Attentional load and attentional boost: A review of data and theory

Khena M. Swallow, Yuhong V. Jiang

    Research output: Contribution to journalReview articlepeer-review

    62 Scopus citations


    Both perceptual and cognitive processes are limited in capacity. As a result, attention is selective, prioritizing items and tasks that are important for adaptive behavior. However, a number of recent behavioral and neuroimaging studies suggest that, at least under some circumstances, increasing attention to one task can enhance performance in a second task (e.g., the attentional boost effect). Here we review these findings and suggest a new theoretical framework, the dual-task interaction model, that integrates these findings with current views of attentional selection. To reconcile the attentional boost effect with the effects of attentional load, we suggest that temporal selection results in a temporally specific enhancement across modalities, tasks, and spatial locations. Moreover, the effects of temporal selection may be best observed when the attentional system is optimally tuned to the temporal dynamics of incoming stimuli. Several avenues of research motivated by the dual-task interaction model are then discussed.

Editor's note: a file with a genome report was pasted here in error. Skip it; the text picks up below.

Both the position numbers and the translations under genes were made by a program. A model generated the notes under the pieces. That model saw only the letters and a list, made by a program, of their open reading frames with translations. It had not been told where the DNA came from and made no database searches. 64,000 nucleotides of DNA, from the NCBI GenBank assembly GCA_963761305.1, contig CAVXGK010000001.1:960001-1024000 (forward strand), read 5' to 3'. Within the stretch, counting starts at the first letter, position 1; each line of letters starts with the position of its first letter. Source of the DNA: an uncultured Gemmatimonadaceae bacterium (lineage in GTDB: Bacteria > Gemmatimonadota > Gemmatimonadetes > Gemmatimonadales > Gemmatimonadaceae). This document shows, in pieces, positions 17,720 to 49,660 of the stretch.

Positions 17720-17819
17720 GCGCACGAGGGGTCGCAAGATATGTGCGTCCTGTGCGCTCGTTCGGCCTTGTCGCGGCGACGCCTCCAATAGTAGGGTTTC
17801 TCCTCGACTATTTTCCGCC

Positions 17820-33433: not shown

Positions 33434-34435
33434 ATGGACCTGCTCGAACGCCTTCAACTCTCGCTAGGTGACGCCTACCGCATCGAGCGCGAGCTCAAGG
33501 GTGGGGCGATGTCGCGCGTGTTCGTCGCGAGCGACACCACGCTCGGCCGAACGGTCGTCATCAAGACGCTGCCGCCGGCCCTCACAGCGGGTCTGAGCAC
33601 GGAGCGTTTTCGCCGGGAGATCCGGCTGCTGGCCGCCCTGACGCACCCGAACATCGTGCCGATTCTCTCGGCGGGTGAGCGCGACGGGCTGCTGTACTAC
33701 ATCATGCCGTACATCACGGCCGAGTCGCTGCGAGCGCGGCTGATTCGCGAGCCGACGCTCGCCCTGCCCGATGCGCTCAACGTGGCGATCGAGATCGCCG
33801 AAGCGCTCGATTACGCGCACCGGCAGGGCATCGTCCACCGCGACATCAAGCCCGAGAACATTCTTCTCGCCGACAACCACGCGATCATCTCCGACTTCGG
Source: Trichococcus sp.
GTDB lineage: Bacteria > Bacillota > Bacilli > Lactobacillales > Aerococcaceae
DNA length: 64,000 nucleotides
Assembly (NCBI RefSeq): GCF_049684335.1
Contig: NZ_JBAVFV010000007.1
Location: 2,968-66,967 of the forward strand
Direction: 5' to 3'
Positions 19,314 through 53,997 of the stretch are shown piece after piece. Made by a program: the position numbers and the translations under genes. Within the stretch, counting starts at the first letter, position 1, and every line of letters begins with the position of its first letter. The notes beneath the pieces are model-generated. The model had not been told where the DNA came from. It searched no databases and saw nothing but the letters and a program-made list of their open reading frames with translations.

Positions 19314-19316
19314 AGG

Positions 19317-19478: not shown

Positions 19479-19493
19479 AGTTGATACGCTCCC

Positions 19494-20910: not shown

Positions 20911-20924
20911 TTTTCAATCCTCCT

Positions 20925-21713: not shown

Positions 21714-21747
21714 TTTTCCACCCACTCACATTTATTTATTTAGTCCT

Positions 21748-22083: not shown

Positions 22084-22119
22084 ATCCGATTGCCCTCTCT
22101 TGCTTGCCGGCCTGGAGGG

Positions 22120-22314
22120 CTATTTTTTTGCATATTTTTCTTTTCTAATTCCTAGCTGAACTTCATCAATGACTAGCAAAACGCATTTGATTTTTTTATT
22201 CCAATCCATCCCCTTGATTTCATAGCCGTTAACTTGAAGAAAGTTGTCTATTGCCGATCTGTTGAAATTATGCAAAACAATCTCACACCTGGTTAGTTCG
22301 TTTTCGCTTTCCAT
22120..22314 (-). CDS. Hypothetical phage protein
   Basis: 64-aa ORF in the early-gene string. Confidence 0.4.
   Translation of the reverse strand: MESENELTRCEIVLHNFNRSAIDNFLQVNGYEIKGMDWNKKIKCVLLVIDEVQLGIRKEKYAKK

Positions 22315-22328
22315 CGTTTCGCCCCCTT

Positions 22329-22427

Original languageEnglish (US)
    Article numberArtical 274
    JournalFrontiers in Psychology
    Issue numberMAY
    StatePublished - 2013


    • Attention
    • Attentional boost effect
    • Dual-task interference
    • Load theory
    • Temporal selection


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